Front Camera

7-megapixel

Resolution

2732×2048 pixels

OS

iOS 10

Storage

64GB

Rear Camera

12-megapixel

Also See
  • Apple iPad Pro (9.7-inch, Wi-Fi, Space Grey, 32GB) MLMN2HN/A Space Gray –
    Rs. 43,496
  • Apple iPad Pro (9.7-inch) Wi-Fi (Space Grey, 32GB) – OFFER
    Rs. 47,405
  • Apple iPad Pro (9.7-inch) Wi-Fi (Rose Gold, 32GB) – OFFER
    Rs. 47,405

Warning! Ransomware Attacks Against Businesses Up 500 Percent In Some States

A new report from Malwarebytes released today shows a dramatic increase in the number of malware attacks U.S. small businesses face.  In fact, 90 percent of small to medium sized businesses reported increased malware detection in Q1 2017 over Q1 2016. A 500 percent increase in ransomware alone was detected in March of this year in ten states.

Ransomware Attacks Are Increasing

All 50 states suffered through a spike in malware detections. In other alarming news, 15 states had their total number of incidents quadruple. Small Business Trends talked with Adam Kujawa,  Director of Malware Intelligence at Malwarebytes and Justin Dolly, EVP, Chief Security Officer and CIO of Malwarebytes. They talked about the latest trends and the types of threats to small businesses highlighted in the report.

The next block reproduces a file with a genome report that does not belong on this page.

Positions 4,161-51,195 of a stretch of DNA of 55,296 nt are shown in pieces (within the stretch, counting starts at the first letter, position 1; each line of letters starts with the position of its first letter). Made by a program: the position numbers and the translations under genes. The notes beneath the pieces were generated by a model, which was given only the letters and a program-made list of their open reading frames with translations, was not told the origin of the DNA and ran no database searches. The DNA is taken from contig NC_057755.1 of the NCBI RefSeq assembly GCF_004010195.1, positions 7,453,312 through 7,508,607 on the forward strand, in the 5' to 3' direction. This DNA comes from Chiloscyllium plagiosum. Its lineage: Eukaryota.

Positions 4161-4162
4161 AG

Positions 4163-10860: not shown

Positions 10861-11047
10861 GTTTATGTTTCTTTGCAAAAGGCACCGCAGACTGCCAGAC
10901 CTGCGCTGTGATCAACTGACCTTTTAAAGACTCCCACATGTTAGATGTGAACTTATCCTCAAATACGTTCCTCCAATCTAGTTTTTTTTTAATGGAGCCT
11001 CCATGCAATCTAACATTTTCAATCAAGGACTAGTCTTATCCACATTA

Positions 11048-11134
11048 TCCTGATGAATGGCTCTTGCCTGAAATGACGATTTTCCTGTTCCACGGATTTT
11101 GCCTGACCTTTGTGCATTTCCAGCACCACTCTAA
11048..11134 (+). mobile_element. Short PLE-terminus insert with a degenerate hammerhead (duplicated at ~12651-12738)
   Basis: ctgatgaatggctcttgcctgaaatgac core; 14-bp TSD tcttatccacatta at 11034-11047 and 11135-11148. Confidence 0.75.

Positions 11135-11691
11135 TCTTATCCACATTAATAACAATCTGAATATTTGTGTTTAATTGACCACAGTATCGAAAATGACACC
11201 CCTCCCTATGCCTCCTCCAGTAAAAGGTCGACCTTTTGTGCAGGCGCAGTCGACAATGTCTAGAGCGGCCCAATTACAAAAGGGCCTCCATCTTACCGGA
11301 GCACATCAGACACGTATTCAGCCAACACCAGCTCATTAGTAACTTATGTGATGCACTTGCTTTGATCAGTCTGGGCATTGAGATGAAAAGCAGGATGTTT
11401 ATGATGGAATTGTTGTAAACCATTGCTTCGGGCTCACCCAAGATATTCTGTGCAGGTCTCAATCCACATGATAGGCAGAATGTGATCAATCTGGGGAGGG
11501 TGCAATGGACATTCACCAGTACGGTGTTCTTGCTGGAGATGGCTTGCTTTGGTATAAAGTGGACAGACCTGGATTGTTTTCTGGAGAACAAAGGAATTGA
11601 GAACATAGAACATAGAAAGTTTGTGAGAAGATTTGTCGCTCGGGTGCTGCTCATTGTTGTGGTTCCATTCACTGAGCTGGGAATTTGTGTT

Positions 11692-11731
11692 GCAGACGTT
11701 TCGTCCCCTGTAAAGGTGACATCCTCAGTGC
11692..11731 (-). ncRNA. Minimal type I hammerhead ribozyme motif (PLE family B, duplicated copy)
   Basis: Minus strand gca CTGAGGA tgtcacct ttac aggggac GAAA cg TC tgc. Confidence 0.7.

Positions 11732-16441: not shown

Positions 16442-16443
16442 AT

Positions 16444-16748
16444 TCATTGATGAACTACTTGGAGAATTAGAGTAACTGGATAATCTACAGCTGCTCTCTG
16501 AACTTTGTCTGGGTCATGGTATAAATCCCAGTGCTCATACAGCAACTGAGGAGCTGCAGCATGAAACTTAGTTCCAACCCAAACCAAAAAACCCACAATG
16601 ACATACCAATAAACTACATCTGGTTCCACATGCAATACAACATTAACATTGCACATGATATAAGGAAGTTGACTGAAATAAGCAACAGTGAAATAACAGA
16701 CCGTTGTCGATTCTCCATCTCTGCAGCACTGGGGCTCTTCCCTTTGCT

Big Problem in the Small Business World

“Ransomware has been a big problem in the SMB world and that has not changed,”  Kujawa says. “We’ve seen a 231 percent increase in incidences between Q1 2016 and Q1 2017.”

Adware is another persistent threat to small business. Kujawa says this is the most prolific malware businesses need to battle at least in part because it constantly changes to evade detection. Arizona had the most striking numbers with a year over year increase of 1774.42 percent. Maine, Alaska and Hawaii followed suit with exponential increases.

Small Businesses Vulnerable

Small businesses are left especially vulnerable. They often don’t have the money to buy the more involved solutions bigger companies and corporations have.  Kujawa says cybercriminals are well aware of this small business Achilles Heel. They often exploit it through creating “spoof” emails that pose as legitimate third party vendors and even banks. These phony emails often contain the malware that gets activated when opened.

“The most prevalent method of distributing malware is through email,” Kujawa says, adding it’s also a common method for small businesses to reach out to third parties.

No Way! Ransomware Attacks Are Increasing Against Businesses Up 500 Percent In Some States

A Layered Approach

Dolly suggests one way for small businesses to combat malware is to understand how to get to the root of the problem. He says having a layered approach to stay ahead of malware variations works. Taking advantage of the latest technology is an important part of the mix.

“For example,” he says, ” a cloud platform should allow small to medium sized businesses to manage all of the end points that could have malware bytes installed.”